Ugly potatoes

An ad for “ugly” potatoes & apples

Food is always a topic of conversation, especially in a country that is world famous for its cuisine. We can walk to the open air market on the main square in town 3 days a week and have our pick from fruits and vegetables grown locally or from Spain only 2 hours south. If we need something from further afield or perhaps an item that isn’t in season in this hemisphere, there are plenty of supermarkets that we can easily get to on foot or by a short bus ride that offer products from around the world. We get their weekly advertisements either through the mailbox or online so that we can see at a glance what’s being featured. It was one of those ads that caught my eye when I saw a word that I recognized “moche” but never expected to see mentioned along with food: ugly. Read the rest of this entry


Year 3 begins

The fortress in Carcassonne

Although we tend to use March 1 as the starting date for our new life in France, the government here considers February 20 the date since that’s when our initial visa began. Americans can enter the country for up to 90 days on their airline ticket alone, but for those of us who didn’t buy a round-trip flight, you have to do a bit more work. During that initial grace period you must schedule a medical appointment with the immigration office who will then stamp your visa as valid for an additional 9 months. At the end of your first year you can trade in the visa for a residency card that must then be renewed annually using essentially the same documentation required to come here in the first place. Basically you must prove that you won’t be a burden to the taxpayers in that you have sufficient income, health insurance, housing, etc. to take care of yourself. This week we again succeeded in doing that so we have brand new residency cards. Read the rest of this entry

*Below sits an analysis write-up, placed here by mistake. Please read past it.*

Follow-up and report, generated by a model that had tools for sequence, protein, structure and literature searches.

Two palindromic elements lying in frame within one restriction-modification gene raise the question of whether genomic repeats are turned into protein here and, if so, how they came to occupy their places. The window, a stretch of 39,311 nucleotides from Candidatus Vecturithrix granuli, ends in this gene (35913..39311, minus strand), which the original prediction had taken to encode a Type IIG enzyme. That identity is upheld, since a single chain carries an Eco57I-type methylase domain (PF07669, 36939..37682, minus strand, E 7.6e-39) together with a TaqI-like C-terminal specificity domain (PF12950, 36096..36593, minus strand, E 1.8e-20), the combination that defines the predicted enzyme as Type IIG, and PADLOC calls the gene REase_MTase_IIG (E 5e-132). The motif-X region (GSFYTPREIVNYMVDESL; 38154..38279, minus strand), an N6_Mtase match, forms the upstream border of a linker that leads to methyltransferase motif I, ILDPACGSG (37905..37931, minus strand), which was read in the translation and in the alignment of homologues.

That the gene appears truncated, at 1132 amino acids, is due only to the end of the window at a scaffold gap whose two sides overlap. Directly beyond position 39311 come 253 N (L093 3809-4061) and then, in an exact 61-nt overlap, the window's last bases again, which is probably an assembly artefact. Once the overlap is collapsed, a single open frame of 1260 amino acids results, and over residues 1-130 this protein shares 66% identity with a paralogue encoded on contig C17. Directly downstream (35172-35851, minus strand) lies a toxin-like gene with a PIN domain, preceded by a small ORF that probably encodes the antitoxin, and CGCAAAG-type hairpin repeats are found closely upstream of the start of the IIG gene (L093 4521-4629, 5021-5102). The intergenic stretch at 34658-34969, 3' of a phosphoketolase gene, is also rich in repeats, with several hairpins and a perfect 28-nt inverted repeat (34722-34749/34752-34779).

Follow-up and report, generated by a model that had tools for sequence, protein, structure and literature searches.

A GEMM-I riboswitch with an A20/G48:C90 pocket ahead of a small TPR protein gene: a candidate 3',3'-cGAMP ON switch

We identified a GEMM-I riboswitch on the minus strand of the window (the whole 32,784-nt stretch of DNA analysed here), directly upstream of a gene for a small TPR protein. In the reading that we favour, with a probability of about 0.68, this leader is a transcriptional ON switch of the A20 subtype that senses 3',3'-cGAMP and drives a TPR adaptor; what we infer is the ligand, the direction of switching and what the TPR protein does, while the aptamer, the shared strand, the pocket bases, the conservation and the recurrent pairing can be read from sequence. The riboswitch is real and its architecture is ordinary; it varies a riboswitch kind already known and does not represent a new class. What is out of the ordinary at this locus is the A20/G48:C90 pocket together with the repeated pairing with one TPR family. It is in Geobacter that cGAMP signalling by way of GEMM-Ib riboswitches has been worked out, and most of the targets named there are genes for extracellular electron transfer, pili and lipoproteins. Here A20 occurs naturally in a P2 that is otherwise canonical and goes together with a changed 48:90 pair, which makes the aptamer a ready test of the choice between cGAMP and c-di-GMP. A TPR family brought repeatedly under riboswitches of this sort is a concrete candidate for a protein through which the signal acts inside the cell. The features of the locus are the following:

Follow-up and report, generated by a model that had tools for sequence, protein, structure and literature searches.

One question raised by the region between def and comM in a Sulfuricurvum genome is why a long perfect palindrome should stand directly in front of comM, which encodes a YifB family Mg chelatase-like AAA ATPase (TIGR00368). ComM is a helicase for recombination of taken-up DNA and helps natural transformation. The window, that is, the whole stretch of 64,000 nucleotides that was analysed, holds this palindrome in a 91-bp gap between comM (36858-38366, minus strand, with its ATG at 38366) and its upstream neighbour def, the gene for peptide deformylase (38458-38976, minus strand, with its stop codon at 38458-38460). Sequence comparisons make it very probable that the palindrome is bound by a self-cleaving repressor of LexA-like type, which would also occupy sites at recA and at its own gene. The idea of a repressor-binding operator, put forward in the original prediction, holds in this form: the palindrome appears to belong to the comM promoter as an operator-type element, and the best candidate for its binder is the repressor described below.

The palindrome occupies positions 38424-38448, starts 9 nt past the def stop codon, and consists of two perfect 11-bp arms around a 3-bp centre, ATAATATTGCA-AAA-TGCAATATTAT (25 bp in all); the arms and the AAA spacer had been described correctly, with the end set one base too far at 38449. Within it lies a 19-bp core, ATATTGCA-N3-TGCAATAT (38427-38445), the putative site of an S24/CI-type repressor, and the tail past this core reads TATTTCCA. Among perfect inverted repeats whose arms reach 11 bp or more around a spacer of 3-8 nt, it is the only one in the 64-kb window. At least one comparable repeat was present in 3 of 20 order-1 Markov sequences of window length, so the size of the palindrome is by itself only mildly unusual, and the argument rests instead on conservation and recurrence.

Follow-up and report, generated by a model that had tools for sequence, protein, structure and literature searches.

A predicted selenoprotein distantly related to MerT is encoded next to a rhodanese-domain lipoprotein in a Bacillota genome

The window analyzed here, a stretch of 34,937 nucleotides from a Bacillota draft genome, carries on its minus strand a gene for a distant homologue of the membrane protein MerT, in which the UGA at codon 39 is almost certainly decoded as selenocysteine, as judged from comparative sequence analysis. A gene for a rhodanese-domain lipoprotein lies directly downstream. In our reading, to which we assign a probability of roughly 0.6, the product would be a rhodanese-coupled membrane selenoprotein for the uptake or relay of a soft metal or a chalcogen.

It’s Linky, it’s Linky ♫♬♫

Our Linky communicating electric meter

When I was growing up, a favorite toy was Slinky®—a long metal spring that could walk down stairs or slither from one hand to the other. The company also made a version in the shape of a dog and of a train that you could pull along the floor, always with the rear half hesitating and then suddenly springing forward to meet the front. Perhaps you remember the television commercial jingle that included “It’s Slinky, it’s Slinky, it’s fun for a girl or a boy”. Fast forward 60 years to another place and time where we received a similarly named product but with a totally different, but fun (?), function: the Linky communicating electric meter. Read the rest of this entry

We’re going to Pézenas

A street in Pézenas

Our friends Sally and Larry are sneaky. They know how much we enjoying seeing parts of France that we haven’t been to, especially when we can go there by our favorite mode of transportation, the train. They also know that despite there being over 3000 stations in a country smaller in area than Texas, we still need a car to visit some villages, towns, and especially picturesque places. To the rescue they’ve come, inviting us along for day trips out of Carcassonne when they’ve rented a car to take visiting friends or family around. Usually they let us know well in advance but sometimes they “kidnap” us for the day and just tell us to be ready to leave at a certain hour. It was one of those surprise adventures that got us to a “City of Art and History”, Pézenas. Read the rest of this entry